With many shows sold out this year’s attendance at the Galway Arts Festival is well on its way to reaching record numbers proving that not even the recession can keep lovers of the arts away from an event which has gained national and international recognition.
Organisers of the two week festival, which concludes this Sunday, have said they are delighted with the turn-out so far. It is expected that audience numbers will exceed last year’s turnout of 162,000.
“We couldn’t be happier with the way things are going, most of the shows are sold out or nearly. There are red dots across the board but there are still tickets available,” festival artistic director Paul Fahy told the Advertiser yesterday.
The secret behind the festival’s success despite the economic crisis is the emphasis on offering tickets at affordable prices, according to Mr Fahy, with many of the events priced as low as €10. “The average prices of a ticket has been €20 which is very good when compared to other festivals. People are looking for an escape from the doom and gloom. The scale of the Festival Gallery is very non-recession. It is a testimony to the festival, that this space is being offered to people free of charge and appeals to audiences aged three or 83. The festival brings a smile to people’s faces and provides memories that will stay with them for a long time.”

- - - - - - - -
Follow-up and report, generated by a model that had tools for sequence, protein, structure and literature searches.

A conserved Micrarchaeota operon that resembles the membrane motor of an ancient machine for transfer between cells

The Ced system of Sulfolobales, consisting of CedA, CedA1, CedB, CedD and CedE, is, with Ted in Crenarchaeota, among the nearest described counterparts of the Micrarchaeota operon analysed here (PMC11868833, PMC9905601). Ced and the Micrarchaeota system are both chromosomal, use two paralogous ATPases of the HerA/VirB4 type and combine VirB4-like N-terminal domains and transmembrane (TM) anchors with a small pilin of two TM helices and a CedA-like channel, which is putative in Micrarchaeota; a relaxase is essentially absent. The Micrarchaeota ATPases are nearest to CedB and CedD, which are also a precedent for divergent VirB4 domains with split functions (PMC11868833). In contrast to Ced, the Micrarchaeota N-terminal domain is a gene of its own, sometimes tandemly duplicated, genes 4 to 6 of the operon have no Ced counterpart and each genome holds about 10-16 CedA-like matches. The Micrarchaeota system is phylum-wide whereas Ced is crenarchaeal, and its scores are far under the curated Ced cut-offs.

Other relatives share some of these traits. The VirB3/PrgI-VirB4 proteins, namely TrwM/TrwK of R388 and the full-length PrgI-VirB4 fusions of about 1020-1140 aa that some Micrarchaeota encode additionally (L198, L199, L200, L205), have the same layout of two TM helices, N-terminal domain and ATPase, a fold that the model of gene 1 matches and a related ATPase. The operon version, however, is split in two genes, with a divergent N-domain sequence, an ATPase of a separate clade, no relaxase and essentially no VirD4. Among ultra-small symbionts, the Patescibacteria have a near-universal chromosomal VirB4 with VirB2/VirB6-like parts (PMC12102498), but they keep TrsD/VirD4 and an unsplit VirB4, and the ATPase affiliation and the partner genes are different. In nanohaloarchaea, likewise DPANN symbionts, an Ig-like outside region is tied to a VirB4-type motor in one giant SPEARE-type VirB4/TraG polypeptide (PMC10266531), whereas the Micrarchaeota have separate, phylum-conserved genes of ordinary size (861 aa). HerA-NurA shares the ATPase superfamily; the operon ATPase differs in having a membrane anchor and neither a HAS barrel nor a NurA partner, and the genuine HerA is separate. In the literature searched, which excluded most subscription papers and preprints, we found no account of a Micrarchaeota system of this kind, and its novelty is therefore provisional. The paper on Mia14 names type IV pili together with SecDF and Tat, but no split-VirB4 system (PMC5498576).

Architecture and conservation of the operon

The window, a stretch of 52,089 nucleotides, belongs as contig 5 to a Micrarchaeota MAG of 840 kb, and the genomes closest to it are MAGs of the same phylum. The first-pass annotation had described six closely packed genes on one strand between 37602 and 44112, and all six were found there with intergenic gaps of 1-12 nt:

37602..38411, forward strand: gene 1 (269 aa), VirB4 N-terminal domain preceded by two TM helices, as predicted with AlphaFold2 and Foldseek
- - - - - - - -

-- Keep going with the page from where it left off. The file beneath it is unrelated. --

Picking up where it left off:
Commenting on the Macnas parade This Thunderous Heart which wowed audiences last Sunday despite the rain, Mr Fahy said: “The weather did not dampen spirits. From the Spanish Arch through the streets of Galway the crowd was often 10 deep. It is a great testimony to Galway audiences that they battled with the elements to see the parade which was beautifully made.”
Although many shows have sold out there are still opportunities for festival goers to purchase tickets to some events, including the Big Top double line-up of James Vincent McMorrow and Lisa Hanigan which takes place tonight at 7.30pm. There will also be a big day of talks this coming Saturday with tickets still available for Alex Ross who is giving a talk at the Aula Maxima at NUI Galway at 3.30pm on the influence Wagner’s music had on James Joyce. Regarded as one of the leading music critics in the western world Mr Ross is the author of the highly acclaimed book The Rest Is Noise and Listen To This. Saturday will also feature Trailblaze which is a platform to showcase ideas, people, and possibilities alive in Ireland today with pioneers sharing their moments of risk and inspiration.
Music lovers are still able to avail of tickets for the much anticipated Comedy and Tragedy concert by the T’ang Quartet which takes place at St Nicholas’ Church on Saturday at 8pm. The programme will involve a live score performance to Buster Keaton’s silent film Haunted House as well as Aulis Sallinen’s ‘Some Aspects of Peltoniemi Hintrik’s Funeral March’ and the Chinese composer Bright Sheng’s ‘String Quartet No.3’.